Of course, in difficult and complicated issues like this, charting a course of compromise can be practically impossible. In an imperfect world, you cannot perfectly implement perfect ideals; there will be an unnecessary intrusion of race into some areas of policy, and in other areas, we will unnecessarily shrink from race out of the fear of being politically incorrect. But it is important, I think, to make it clear that although race should rarely be a relevant issue when it comes to making determinations about an individual person, there are times when it is necessary.

This goes beyond merely collecting demographic information, after all. Putting aside the impossible issue of how to define "black" or "white", in the US, blacks take different medication for heart disease than whites. There is evidence that Chinese and whites do not have the same ideal body mass indexes. And, as alluded to earlier, when one community lags dramatically behind another in some measurable manner, this information can be incredibly helpful in policy formulation and implementation.

Yet, there is something a little icky about declaring your "race" on a form. The stark nature of the term and the weight of its historical baggage make it seem almost wrong to declare that your "race" is "Malay" or "Iban" when you think what really ought to matter is that you are Malaysian. It's easy to see where the "My race is Malaysian" crowd is coming from.

But as many a pedant has troubled to observe, there is no such thing as a Malaysian race. Making a statement about your race is simply making a statement about your ancestors. When we ask for your race, we are not asking about your Malaysian ancestors; we are asking who your ancestors were before there was a Malaysia. To describe them as Malaysian is really a bit of falsehood.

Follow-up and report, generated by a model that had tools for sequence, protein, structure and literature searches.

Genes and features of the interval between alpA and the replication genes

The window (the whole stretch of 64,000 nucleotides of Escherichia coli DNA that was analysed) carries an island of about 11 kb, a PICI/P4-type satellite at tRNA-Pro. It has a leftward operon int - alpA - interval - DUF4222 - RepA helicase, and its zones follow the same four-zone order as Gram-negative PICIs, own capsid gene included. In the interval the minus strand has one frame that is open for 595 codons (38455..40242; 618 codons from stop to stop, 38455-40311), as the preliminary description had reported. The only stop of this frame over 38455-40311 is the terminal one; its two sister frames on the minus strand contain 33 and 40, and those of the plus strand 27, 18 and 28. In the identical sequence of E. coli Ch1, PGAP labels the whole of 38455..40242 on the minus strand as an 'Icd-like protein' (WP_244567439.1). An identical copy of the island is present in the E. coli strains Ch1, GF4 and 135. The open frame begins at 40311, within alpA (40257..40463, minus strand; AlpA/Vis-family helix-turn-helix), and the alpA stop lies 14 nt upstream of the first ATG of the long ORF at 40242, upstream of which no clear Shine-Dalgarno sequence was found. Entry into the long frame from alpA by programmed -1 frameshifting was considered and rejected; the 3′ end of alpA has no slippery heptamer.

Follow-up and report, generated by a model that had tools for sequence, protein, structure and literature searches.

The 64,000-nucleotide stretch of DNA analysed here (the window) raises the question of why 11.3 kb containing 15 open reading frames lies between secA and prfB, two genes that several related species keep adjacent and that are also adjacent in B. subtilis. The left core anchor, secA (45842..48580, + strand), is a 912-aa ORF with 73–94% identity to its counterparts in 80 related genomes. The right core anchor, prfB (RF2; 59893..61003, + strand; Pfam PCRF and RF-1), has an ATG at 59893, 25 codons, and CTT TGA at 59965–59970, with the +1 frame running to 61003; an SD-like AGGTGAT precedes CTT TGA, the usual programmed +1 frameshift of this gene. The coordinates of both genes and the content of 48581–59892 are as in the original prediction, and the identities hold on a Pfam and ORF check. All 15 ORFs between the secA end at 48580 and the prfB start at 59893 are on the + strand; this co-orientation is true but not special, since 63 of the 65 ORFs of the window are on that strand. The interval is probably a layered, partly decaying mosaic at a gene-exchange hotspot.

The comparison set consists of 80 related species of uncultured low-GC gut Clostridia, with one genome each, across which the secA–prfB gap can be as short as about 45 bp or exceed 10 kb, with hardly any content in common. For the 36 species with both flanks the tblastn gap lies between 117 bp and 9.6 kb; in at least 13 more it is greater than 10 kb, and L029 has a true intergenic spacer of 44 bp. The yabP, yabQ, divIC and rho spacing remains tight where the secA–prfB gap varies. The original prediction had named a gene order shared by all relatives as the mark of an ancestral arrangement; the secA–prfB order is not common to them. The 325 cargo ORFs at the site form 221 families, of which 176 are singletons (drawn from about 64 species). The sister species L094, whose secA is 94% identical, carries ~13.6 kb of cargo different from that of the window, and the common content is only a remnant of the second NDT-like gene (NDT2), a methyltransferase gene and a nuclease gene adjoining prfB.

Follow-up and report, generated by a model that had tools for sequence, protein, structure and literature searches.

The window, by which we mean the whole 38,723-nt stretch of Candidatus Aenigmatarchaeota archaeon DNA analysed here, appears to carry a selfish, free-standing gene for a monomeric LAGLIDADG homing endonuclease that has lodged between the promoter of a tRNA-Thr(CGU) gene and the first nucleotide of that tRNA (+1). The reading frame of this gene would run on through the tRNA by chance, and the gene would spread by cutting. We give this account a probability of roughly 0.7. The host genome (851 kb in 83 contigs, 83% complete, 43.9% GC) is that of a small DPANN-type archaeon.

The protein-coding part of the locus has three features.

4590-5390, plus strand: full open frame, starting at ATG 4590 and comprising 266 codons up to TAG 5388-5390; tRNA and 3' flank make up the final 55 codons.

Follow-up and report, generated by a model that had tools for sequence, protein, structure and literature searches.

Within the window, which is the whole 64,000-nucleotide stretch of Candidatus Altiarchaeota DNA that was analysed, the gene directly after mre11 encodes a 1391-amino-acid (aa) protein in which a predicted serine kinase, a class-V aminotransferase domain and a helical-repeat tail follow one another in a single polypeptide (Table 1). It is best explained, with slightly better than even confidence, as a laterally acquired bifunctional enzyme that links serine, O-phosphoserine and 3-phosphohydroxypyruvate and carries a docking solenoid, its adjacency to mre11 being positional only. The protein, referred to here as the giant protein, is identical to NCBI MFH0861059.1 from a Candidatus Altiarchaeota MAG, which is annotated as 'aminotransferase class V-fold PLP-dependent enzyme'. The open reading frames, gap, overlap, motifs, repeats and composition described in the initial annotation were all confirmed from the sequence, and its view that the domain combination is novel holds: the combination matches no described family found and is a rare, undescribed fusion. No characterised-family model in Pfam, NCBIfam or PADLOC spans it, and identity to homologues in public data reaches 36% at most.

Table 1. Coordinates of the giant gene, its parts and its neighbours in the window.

Last week, going through some ancient memorabilia, I chanced upon my Scout membership card. I wondered how the Scouts, one of the least racialised organisations I've ever encountered in Malaysia, dealt with the issue of race when it came to record-keeping. But there was no field on the card for "race"; there was only a space for you to fill in "keturunan" — ethnic descent.

I think that much better captures what we are aiming for when we ask you to specify your race. We do not want to know which tribe, which ethnic group you identify with. We want to know what ethnic group you are descended from; that's all there is to know.

This may seem like quibbling over semantics, but language is particularly powerful when it comes to a loaded issue like ethnicity and nationality. We have to be really clear that we have gone beyond the petty racism of apartheid or the racial lynchings of the American Jim Crow era. The issue in modern society is not race or what it has to do with your nationality; it is simply, for the purposes of record-keeping, who you trace your descent back to.

My ethnic descent is not Malaysian; I am Chinese with some Filipino thrown in. But my nationality is Malaysian. My nationality entitles me to make my home in Malaysia, to have a say in how Malaysia is run. But my ethnic descent is where my roots lie, and is an important aspect of defining what Malaysia and being Malaysian means to me. It is the same for any other Malaysian; we bear the traces of our roots in how we think and act. There are differences between a Malaysian of Malay descent and a Malaysian of Indian descent, and to deny these differences is foolishness. But rather than dwelling on these differences, as the label of "race" might have us do, let's celebrate how regardless of who our ancestors were, we all have one homeland, one tanah tumpahnya darahku.